I am extending my online presence in sales with a new shop with Remade Britain by producing one off, unique pieces using reclaimed vintage and retro fabrics.  I have the front of a cushion made ready to finish and I love the fact that it is unique.  Over time I am hoping to open up a commission book so that I can make bespoke pieces for special occasions.  I think reclaiming fabrics that mean something to people is a journey that I am going to enjoy.




All of this new work was part of the plans for the year that I put together in January.  I always thought it was an ambitious year but so very exciting.  2015 is going to be busy.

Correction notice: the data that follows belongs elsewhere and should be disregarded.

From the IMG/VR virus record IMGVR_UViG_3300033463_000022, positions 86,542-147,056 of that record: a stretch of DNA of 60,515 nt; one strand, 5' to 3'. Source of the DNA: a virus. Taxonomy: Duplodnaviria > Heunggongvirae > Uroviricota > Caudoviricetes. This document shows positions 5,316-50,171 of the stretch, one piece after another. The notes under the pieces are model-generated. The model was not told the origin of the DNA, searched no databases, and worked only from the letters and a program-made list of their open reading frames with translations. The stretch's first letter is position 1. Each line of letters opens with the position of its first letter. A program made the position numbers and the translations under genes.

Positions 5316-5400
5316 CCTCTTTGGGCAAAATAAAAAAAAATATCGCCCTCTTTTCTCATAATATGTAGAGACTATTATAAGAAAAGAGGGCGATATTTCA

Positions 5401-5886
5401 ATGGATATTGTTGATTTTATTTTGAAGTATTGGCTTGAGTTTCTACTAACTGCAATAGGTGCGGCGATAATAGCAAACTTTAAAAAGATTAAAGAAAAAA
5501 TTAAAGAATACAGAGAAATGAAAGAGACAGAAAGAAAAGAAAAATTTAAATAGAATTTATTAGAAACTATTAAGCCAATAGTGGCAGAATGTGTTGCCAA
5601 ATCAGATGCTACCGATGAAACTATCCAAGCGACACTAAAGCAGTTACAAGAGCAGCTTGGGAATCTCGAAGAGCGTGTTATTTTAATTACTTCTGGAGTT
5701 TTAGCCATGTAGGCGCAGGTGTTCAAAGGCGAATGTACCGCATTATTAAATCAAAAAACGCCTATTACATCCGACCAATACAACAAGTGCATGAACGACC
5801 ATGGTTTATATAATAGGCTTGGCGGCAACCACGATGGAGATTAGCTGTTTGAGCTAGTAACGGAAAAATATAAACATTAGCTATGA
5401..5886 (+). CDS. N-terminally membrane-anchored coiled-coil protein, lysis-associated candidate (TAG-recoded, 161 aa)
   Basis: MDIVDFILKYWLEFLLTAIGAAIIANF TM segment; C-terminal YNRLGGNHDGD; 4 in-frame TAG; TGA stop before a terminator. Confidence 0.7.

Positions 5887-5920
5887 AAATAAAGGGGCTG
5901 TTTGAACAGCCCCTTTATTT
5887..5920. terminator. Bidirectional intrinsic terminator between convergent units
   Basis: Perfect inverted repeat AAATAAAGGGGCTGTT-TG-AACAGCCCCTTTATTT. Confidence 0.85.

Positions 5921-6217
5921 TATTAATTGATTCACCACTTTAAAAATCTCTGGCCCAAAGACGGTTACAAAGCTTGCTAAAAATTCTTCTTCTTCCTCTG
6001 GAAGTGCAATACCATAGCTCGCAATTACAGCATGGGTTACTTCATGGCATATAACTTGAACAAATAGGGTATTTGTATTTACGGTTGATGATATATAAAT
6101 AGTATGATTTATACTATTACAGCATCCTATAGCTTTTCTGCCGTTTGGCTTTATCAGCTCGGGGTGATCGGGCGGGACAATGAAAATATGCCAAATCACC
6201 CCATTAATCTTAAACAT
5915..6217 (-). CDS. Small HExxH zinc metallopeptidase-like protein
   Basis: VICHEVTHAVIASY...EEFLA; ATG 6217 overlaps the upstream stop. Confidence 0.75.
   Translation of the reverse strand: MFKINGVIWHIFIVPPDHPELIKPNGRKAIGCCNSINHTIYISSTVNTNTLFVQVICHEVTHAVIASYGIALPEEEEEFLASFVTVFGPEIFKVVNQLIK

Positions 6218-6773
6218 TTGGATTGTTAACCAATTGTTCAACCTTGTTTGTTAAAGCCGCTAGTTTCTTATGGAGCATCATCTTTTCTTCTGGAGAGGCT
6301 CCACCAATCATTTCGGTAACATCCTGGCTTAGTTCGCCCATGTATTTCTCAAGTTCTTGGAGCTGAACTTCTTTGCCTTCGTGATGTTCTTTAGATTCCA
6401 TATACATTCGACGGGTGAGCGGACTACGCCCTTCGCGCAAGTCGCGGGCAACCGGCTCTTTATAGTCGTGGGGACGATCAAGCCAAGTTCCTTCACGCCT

Blessings to you all,

scottish island mum


A world without stuff

Continuing my mission to declutter my life and live more simply I am sat at a table top sale getting rid of more stuff.  I am surrounded by a village hall full of people doing the same thing.  I have already given bags and bags of stuff to charity and sold some pieces online and through our community shop.   More will be heading to the local charity shop after this event.  I have a wee vision that when the children have all left home Pete and I will build a tiny wooden house and live a minimal existence.  It is for many reasons that this vision is being created including the desire to live more lightly on this planet.  But I am quite sure I am developing an allergic reaction to stuff.